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Six on Saturday – Remembering

We had a wonderful summer together, the bachelor and I. At a socially acceptable distance, of course! Apparently, some like the unusual scent.

21st November 2020.

It has been a miserably wet week, fit only for indoor foostering, and part of it was mis-spent reading through some of my Six-on-Saturday articles. I found very little time for other matters such as taking photographs of the garden, potting up the remaining geraniums or planting the three heathers that have been sitting in place for the past ten days.

Not having current photographs has posed a problem, but I have solved it! Admittedly, I’m skiing off piste, in the sure knowledge that there is no naughty step! Here’s the angle this week: I’ve opted for a review, and selected a photograph from the first Saturday of each month beginning in May. (I joined Six on Saturday in June, so my first one this week has broken the skis.) Here we go Ar aghaidh linn back in time…

May – Sorbus Acuparia

I hope to care for these lovely trees for quite a while, and leave it to someone else to sit in their shade some fine day long in the future. He or she might even write about it.

Sorbus acuparia

Update: This, and another tree, have settled in very well despite being planted at the wrong end of the year. The sparrows and other small birds are thrilled.

June – Plants That Struggle

The new day does not always bring comfort. Keep a close eye on your struggling plants. Value them as you would the scented rose. Keep a close watch on friends or acquaintances and be there for them with a listening ear. Ar scáth a chéile a mhaireann na daoine.

The taxus has since died

Update: The conifer has since died. It happens. The entire contents of the pot have been removed from the premises lest there be an unknown disease lingering about doing damage. That’s life. Sin mar atá.

July – Celebrations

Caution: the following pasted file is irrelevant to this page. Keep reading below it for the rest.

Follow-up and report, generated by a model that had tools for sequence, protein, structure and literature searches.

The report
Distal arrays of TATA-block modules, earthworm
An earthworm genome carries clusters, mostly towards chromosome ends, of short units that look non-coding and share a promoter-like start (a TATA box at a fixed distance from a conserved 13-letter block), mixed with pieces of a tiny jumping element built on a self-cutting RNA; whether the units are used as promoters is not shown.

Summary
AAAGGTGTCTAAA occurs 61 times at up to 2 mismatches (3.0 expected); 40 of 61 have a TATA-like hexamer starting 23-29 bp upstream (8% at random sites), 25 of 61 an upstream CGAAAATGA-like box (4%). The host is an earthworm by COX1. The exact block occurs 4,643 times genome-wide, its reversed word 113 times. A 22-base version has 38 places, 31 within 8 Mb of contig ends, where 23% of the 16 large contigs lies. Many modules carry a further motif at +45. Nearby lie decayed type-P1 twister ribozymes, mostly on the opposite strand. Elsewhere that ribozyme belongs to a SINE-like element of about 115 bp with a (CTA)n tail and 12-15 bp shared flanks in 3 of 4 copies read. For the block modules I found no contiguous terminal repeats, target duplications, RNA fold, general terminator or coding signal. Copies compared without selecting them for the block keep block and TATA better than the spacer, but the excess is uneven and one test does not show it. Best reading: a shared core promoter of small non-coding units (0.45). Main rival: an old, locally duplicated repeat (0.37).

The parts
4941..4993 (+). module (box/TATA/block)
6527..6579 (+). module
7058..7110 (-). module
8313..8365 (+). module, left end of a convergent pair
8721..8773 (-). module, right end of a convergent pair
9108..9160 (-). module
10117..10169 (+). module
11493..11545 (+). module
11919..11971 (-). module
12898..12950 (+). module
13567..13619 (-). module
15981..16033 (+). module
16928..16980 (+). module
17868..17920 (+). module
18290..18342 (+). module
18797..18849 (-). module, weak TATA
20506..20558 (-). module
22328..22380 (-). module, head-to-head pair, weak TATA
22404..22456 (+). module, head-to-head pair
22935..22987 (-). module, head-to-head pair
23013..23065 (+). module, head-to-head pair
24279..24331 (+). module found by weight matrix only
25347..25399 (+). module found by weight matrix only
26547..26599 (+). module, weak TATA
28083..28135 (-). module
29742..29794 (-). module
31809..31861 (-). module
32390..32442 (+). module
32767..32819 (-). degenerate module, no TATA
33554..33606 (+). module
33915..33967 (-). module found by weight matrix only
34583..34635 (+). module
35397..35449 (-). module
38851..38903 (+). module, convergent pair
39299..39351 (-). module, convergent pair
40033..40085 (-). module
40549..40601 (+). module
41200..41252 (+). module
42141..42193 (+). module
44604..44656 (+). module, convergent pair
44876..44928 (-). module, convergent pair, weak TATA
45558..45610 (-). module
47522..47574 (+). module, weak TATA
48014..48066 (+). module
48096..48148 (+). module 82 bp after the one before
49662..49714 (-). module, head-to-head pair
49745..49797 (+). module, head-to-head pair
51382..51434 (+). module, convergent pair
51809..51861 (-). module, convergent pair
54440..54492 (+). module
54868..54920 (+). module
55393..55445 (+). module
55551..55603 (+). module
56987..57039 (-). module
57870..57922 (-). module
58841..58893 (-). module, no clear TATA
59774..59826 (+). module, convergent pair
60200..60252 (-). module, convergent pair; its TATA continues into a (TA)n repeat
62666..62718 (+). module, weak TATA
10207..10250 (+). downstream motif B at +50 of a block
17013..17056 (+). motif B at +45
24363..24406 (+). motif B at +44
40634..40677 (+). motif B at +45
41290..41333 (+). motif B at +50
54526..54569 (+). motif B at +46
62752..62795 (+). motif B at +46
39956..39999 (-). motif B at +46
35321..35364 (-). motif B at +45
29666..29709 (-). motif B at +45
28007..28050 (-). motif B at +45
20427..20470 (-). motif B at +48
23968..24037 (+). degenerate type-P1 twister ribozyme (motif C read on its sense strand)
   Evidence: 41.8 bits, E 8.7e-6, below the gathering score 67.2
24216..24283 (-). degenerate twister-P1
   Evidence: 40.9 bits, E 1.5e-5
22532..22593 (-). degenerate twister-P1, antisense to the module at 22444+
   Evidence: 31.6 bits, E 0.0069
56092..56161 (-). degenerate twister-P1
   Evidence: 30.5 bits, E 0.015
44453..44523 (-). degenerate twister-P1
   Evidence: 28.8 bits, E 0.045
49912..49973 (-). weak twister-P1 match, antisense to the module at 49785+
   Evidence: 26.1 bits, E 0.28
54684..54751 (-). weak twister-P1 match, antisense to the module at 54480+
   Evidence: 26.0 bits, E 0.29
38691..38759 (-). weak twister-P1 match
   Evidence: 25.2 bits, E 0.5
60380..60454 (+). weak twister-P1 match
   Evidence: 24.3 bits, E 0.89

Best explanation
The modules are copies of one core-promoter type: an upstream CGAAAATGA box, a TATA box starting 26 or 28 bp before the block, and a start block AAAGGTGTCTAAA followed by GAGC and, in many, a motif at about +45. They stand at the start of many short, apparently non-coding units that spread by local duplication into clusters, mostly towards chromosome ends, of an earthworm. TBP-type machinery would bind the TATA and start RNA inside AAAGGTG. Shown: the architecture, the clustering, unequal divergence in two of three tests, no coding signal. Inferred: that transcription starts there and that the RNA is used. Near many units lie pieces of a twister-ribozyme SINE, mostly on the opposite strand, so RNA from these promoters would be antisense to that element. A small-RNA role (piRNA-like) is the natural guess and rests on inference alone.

Feverfew is also known to some as Bachelor’s Buttons. This one seeded itself in a small crack between patio slabs, as I had written about in early June. I love it even before it flowers because of the attractive lime-green foliage. After you’ve read this blog thingy and other posts over at The Propagator’s HQ, after perhaps some gardening, coffee or other brew, you could return to this picture to count the buttons.

Update: We had a wonderful summer together, the bachelor and I. At a socially acceptable distance, of course! Apparently, some like the unusual scent smell. Le bonheur des uns fait le malheurs des autres.

August – Urgente Opus Prioritas

The first Six on Saturday of the month was largely composed in hospital after a heavy bang to the head. Apparently, no kitchen tiles were damaged and, although I was tempted to show my consultant a final draft of this as some proof that upstairs was still functioning, I waited for official discharge on purely medical grounds. I’m back gardening today, and spending some time reading other lovely garden Sixes.

Hiding the ugly plastic oil tank will be my number one priority. I know exactly the way I intend to do it and when it’s finished, the ugly plastic oiltank will be hidden from view. That’s the whole point. It’s on the way to being a top priority.

Ugly oil tank will soon be gone

Update: Much has happened since August. Our heating system was removed during the week, and my friend Tom will be here early next week to remove the remaining oil. I have plans for a pergoda in this corner. The 47-year-old cast-iron oil boiler will be smelted down. Rotha mór an tsaoil.

September – National Garden Exhibition Centre

I visited Kilquaide in County Wicklow, and was gobsmacked that I hadn’t known about it, despite hiking the county from end to end in my twenties.